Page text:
Professor Ruth Itzhaki speaks on her research into the potential links between Alzheimer's disease and the herpes simplex virus type 1 (HSV1)
16 November 2018
Over 30 million people worldwide suffer from Alzheimer’s disease and unfortunately, this figure will rise as longevity increases, so the need for effective treatments is extremely urgent.
Current treatments, at best, alleviate symptoms but do not prevent further deterioration. Our research has strongly implicated a common virus in the development of the disease, indicating a direct route to treatment: very effective and safe antiviral agents are available to combat the virus and thus to treat AD patients. They indicate also the future possibility of preventing the disease by vaccination against the virus in infancy.
The virus implicated in Alzheimer's disease, herpes simplex virus type 1 (HSV1), is the one that causes cold sores. It infects most humans and thereafter remains lifelong in the body in latent (i.e., dormant) form within the peripheral nervous system (PNS - the part other than the brain and the spinal cord). Occasionally, if the person is stressed, the virus becomes activated and in some people it then causes cold sores.
We discovered in 1991 that in many elderly people, HSV1 is present also in brain, and we later showed in 1997 that it confers a strong risk of Alzheimer's disease when in the brain of people who have a specific genetic factor known as APOE4. The virus can become active in brain, perhaps recurrently - thereby very probably leading to cumulative damage. The likelihood of developing Alzheimer's disease is 12 times greater for APOE4 carriers who have HSV1 in brain than for those with neither factor. Subsequently, we and others found that HSV1 infection of cell cultures causes formation of the main components, called beta amyloid and P-tau respectively, of the abnormal structures characteristic of Alzheimer's disease, known as plaques and tangles.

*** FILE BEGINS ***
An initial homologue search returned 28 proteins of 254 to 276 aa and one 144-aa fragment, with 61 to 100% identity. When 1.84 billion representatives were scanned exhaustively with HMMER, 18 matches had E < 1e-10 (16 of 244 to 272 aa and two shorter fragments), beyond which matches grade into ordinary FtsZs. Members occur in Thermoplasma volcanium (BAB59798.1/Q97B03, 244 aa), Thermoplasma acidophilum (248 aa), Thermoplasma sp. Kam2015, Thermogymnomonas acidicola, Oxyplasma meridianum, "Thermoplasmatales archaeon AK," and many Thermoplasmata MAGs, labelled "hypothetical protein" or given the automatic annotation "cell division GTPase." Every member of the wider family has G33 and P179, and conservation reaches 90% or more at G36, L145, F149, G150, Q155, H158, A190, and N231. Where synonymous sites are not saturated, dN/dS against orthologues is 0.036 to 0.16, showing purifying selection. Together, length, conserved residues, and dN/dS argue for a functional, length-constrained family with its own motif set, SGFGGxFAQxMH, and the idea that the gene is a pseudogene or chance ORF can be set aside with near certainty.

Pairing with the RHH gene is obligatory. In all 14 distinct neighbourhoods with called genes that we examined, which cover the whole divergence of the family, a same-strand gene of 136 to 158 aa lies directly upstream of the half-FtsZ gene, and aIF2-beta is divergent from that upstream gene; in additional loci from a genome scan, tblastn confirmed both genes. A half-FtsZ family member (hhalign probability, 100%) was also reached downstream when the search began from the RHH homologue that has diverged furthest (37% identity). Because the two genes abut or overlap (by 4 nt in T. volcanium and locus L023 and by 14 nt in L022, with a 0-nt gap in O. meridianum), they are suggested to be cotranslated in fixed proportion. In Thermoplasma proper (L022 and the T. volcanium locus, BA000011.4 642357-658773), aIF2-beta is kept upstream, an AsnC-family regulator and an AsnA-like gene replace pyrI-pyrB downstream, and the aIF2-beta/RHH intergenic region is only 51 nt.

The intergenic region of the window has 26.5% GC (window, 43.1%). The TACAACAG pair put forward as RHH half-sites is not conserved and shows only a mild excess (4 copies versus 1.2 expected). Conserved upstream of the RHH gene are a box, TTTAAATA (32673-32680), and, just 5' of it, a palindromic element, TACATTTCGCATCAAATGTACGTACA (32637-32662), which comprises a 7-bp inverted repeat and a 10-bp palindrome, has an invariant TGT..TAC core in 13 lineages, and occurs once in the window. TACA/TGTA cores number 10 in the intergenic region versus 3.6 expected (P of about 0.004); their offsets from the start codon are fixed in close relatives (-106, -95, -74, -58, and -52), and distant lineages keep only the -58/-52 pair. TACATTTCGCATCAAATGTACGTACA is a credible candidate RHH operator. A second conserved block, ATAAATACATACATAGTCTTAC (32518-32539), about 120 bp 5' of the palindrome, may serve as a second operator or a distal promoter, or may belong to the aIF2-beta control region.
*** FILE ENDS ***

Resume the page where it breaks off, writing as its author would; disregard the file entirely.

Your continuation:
We propose that HSV1 is a major contributory factor for Alzheimer's disease, that it enters the brain in the elderly as their immune system declines during ageing. It then establishes a latent (dormant) infection there, from which it is reactivated by events such as stress, immunosuppression, and brain inflammation induced by infection by other microbes. Reactivation leads to direct viral damage in infected cells and to viral-induced inflammation. We suggest that repeated activation causes cumulative damage, leading eventually to Alzheimer's disease in people with an APOE4 allele. Presumably, in APOE4 carriers, Alzheimer's disease develops in brain because of greater HSV1-induced formation of toxic products, or lesser repair of damage.
The data suggest that antiviral agents might be used for treating Alzheimer's disease. The main antiviral agents, which are very safe, act by preventing the formation of new viruses, thereby limiting viral damage. We found that the antiherpes antiviral drug acyclovir (ACV), blocks HSV1 DNA replication, and reduces levels of beta amyloid and of P-tau caused by HSV1 infection of cell cultures. Two recent publications (in the journal Neuron) were widely publicised, one of them implicating two other types of herpes virus, HHV6 and HHV7, in the disease, and the other showing that beta amyloid might have a protective role. However, all of the above studies show just an association between herpes virus and AD but cannot prove that the virus is an actual cause.
Probably the only way to prove that a microbe is a cause of a disease is to demonstrate that a occurrence of the disease is greatly reduced either by targeting the microbe with a very specific anti- microbial agent, or by very specific vaccination against the microbe. Excitingly, successful prevention of Alzheimer's disease by use of specific anti-herpes agents has now been demonstrated in a large-scale population study in Taiwan. Hopefully, information in other countries, if available, will yield similar results. Hopefully also, funding will be provided in the UK for carrying out clinical trials of antiherpes antiviral agents for treating Alzheimer's disease patients.